At the risk of sounding dangerously cliche, 2020 was quite a year to say the least. Fortunately, for everything else that happened, the world still turned and so did the pages of books. Let me tell you, there were some good books that crossed my path in 2020. So just the same as last year, I’ll be starting a round-up of my top ten reads of 2020, breaking down what each book is about and why it made the top ten out of everything else I read last year. It’s going to be a good time and you might just find something you want to read! 


I can’t think of any better place to start than with one of my favorite authors, Kate DiCamillo, and her beautiful book Beverly, Right Here. This was one of the first books I read in 2020. It immediately earned a spot in the top ten and held it all the way through a year that felt like it had at least sixteen months in it instead of the customary twelve. That’s some staying power. 


What’s the Book?


Beverly, Right Here is the spunky, melancholy conclusion to DiCamillo’s charming Three Rancheros trilogy that follows a group of young girls growing up in 1970s Florida. In it, fourteen-year-old Beverly Tapinski has decided she’s had enough. Her father left her behind long ago, one of her friends has moved away, her mother only thinks of herself, and, to cap it all off, her beloved dog Buddy has just died. Nothing serves as a catalyst for departure in a fourteen-year-old’s life quite like the death of a beloved dog. 


Beverly runs away once more, but this time with finality set in her heart. Determined to make this time count, she makes her way to a small seaside town and in no time at all begins to build a life befitting her spunky independence. Still, no matter how hard she tries, people still creep into her life and are determined to draw her out of herself. Whether it’s the flustered owner of the restaurant she works at, the elderly woman who gives her a place to live in exchange for driving her to bingo, or the caustic, teenage cashier with a surprising penchant for art history, Beverly still finds herself caring about the people in her world despite all her best judgments. In time Beverly begins to realize that she’s not running from a place. She’s running from herself.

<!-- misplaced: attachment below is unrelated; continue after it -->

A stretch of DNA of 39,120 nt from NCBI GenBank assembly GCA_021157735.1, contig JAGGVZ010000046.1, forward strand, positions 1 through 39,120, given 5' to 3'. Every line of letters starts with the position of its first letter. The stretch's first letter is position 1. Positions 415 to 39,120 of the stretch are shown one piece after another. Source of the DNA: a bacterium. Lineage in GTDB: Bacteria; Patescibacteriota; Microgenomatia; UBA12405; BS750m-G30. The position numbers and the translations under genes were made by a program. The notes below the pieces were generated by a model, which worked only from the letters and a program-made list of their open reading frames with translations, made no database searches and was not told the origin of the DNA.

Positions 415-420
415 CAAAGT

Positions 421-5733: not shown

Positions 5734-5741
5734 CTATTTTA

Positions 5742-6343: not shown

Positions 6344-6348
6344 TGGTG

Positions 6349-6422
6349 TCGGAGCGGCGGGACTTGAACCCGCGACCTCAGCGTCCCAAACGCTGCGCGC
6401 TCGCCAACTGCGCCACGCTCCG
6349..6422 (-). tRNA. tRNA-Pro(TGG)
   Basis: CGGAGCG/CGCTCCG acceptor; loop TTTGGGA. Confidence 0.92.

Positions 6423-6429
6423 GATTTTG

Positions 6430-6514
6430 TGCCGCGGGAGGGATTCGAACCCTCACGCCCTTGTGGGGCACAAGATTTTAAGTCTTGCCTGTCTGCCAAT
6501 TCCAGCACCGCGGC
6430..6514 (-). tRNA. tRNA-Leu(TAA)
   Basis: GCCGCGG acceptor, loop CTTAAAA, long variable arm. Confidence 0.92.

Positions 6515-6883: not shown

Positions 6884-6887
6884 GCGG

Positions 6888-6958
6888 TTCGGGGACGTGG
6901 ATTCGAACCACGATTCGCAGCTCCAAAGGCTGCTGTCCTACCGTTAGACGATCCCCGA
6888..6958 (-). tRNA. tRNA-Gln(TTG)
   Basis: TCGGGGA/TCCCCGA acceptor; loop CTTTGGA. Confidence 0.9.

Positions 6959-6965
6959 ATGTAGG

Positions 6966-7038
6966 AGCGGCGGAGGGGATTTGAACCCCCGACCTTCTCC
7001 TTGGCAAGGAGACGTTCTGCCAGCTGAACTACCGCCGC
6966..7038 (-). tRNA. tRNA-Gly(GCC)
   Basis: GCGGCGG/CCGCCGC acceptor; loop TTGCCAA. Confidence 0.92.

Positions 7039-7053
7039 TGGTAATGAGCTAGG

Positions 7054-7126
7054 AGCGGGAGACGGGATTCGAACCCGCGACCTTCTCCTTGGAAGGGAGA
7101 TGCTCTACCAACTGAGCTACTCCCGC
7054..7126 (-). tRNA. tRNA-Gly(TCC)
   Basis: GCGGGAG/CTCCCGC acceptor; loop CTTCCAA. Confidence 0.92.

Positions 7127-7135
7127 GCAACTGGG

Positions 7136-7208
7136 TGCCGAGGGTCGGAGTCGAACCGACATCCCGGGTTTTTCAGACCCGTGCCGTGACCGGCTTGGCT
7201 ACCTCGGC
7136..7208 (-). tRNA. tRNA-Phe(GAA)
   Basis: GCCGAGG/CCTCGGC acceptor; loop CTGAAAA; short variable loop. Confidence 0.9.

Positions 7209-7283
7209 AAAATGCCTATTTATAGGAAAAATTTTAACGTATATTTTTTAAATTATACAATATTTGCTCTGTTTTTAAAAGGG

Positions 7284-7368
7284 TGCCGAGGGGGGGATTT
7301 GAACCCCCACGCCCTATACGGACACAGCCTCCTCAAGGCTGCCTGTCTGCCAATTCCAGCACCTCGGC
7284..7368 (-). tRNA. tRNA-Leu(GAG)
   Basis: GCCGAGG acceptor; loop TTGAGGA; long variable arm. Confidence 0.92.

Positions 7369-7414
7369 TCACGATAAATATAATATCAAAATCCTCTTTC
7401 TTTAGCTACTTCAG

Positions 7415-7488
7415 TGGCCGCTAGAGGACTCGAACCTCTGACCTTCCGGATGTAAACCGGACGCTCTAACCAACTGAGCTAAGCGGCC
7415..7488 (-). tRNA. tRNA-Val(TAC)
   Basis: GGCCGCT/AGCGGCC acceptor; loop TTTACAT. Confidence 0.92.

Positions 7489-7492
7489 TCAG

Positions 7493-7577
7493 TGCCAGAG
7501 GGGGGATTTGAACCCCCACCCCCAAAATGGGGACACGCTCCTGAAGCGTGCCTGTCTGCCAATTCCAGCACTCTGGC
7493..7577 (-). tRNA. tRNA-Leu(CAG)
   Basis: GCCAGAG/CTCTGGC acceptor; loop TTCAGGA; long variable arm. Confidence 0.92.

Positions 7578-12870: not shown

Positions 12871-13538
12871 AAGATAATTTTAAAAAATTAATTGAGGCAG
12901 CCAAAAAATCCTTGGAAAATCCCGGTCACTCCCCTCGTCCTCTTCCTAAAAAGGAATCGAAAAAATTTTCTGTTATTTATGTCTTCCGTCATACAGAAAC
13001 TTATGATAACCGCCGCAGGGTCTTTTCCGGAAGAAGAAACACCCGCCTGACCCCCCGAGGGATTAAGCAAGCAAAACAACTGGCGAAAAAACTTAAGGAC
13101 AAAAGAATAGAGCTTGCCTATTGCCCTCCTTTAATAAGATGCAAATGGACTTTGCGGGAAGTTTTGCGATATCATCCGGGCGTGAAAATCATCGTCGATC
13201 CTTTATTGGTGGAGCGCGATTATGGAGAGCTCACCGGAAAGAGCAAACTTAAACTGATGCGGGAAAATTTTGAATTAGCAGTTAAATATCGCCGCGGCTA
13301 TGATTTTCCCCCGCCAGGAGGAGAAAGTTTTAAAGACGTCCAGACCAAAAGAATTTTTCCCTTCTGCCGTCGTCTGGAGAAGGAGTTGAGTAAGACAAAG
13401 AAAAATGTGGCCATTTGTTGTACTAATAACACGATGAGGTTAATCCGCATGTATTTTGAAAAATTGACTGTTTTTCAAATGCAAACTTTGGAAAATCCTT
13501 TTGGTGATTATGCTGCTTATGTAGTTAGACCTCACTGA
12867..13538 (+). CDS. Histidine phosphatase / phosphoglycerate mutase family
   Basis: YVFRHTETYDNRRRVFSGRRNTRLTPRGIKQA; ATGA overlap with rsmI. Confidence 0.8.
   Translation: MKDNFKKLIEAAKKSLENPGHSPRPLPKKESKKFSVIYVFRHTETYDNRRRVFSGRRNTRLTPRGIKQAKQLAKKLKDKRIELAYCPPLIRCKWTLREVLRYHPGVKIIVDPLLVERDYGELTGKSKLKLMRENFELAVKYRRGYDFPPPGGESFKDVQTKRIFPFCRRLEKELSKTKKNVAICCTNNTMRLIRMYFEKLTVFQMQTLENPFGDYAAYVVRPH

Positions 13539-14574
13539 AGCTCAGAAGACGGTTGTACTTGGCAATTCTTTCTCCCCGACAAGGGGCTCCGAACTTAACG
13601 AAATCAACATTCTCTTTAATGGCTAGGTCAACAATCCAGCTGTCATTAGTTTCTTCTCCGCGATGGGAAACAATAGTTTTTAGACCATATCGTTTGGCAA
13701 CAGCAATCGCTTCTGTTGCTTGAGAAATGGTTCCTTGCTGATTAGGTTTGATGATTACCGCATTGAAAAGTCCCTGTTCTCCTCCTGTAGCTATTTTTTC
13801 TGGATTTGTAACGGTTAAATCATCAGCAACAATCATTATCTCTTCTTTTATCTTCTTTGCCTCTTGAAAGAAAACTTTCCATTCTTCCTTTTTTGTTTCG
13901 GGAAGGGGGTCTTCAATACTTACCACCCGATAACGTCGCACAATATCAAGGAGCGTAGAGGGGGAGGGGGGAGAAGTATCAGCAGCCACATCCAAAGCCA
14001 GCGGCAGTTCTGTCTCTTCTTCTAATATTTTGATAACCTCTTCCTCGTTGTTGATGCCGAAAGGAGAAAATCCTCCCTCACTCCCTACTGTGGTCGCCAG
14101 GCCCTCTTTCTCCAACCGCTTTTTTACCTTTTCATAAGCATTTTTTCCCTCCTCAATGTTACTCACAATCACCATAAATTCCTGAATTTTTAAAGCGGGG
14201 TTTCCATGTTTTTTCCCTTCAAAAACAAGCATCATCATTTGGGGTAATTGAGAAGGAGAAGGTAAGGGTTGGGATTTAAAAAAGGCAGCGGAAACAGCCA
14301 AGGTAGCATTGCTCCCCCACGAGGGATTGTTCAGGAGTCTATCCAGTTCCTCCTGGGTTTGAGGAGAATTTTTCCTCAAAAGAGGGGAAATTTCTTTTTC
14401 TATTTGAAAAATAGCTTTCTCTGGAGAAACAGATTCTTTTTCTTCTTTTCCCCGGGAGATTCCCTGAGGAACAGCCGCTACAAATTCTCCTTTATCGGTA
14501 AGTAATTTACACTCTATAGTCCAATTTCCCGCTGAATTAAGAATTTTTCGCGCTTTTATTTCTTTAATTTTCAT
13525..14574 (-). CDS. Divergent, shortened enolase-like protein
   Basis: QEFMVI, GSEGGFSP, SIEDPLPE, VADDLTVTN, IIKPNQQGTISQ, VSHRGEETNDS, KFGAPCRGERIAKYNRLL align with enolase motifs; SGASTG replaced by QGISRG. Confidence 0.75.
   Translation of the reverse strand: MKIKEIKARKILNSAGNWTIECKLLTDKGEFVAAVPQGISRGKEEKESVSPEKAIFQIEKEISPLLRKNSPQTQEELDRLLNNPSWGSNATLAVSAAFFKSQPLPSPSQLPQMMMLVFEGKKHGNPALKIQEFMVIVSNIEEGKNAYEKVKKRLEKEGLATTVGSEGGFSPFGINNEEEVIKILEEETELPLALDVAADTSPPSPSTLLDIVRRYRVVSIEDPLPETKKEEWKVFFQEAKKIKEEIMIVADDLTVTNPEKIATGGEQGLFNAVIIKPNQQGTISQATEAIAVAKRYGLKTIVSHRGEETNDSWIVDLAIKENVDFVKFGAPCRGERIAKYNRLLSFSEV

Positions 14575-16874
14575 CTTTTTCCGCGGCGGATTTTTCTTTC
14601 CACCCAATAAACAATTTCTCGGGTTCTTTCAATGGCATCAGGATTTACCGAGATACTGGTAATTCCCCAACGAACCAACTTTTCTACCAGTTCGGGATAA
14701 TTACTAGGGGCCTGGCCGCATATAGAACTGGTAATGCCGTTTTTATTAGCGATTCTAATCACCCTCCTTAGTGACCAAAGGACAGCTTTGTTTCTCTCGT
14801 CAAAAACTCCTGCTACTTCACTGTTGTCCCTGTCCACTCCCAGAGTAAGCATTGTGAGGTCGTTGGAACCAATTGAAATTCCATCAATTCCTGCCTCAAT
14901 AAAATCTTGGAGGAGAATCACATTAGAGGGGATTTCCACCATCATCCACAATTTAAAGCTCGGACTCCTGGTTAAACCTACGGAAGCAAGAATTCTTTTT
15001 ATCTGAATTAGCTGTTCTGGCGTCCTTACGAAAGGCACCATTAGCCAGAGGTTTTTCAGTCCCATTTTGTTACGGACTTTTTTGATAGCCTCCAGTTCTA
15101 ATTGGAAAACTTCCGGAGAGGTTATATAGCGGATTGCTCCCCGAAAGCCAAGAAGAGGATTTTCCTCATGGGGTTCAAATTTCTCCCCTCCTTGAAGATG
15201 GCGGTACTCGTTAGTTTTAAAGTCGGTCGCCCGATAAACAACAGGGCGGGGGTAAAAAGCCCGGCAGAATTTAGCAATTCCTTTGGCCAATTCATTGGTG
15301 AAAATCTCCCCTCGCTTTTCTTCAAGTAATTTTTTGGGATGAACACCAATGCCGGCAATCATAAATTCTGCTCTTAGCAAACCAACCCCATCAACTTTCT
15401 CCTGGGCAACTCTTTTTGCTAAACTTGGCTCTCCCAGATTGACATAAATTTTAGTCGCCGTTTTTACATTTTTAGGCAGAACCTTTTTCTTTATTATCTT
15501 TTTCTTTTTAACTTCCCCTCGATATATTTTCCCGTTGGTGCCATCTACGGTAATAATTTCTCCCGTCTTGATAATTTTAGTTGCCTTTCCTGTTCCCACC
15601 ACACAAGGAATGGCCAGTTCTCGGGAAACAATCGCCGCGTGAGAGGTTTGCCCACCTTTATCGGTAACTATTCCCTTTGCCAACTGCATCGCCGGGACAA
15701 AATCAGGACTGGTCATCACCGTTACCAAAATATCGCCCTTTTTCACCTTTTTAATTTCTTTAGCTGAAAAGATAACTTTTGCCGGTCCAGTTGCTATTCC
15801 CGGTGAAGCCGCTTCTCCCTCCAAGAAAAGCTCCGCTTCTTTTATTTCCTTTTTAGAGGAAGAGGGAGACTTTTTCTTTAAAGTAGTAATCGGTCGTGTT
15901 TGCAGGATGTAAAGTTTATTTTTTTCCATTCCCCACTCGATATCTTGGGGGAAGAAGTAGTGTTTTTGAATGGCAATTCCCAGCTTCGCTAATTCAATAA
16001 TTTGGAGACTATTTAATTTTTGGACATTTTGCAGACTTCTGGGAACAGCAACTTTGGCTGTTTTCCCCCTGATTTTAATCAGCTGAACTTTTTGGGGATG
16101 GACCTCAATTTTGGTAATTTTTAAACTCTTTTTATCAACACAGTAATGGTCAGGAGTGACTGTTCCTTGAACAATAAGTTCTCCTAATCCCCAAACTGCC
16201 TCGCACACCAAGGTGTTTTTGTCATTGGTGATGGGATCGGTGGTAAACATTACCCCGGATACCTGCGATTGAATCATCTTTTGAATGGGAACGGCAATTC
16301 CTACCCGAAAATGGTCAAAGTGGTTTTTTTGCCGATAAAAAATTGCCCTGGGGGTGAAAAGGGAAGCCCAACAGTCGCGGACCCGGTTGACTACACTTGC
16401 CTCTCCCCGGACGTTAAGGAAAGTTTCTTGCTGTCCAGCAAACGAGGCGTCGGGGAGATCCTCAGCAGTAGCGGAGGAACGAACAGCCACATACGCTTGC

Why It’s a Top Ten


What sets Beverly, Right Here apart from the first two installments is the extra note of seriousness in Beverly Tapinski’s life. Yes, her other two friends have both faced adversity and loss in the course of their own adventures. In Raymie Nightengale, Raymie struggles with her father’s abandonment and what her life and family will look like moving forward. In Louisiana’s Way Home, the erstwhile Louisiana Elefante grapples with being forced to leave her home and finding out what makes a place truly home. What’s more, both Raymie and Louisiana share a similar approach in that they simply take life as it comes to them and are quick to believe in the goodness of others. 


Beverly does not have that same affability. At only fourteen, her walls are already up and her bitterness for the world is on display for all to see. She doesn’t have anyone to genuinely look after her as a mentor or parent figure and the hurt of that lack is shown in her permanently guarded personality. Even those who do try to care for her are usually thrust away per Beverly’s general mistrust of others. Sometimes you want to shake Beverly and show her the error of her ways. Sometimes you cringe because you’ve been guilty of the same mistakes. Beverly is painfully human and relatable and that familiarity makes her jump off the page and confront the reader face to face. 


It’s the strong character of Beverly colliding with the sweet and simple world of Kate Dicamillo’s work that gives this book such a punch. Where a lot of authors may hold back, DiCamillo’s signature style trusts children to wrestle with the big unanswerable topics that we all struggle with. In Beverly, we see a frustrated, bitter girl, but we also recognize the loneliness and hope that she can’t quite rid herself of. And through DiCamillo’s pages, it’s all ok. It’s ok to be a little broken and a little lost as long as you keep moving forward. 


I genuinely believe you can never go wrong with a Kate DiCamillo book and Beverly, Right Here is certainly no exception. DiCamillo tells a story that’s achingly familiar to so many even if our young hero’s circumstances are vastly different than our own. Even parts solemn, comical, poetic, and simple. Beverly, Right Here is a children’s book with some genuine staying power.


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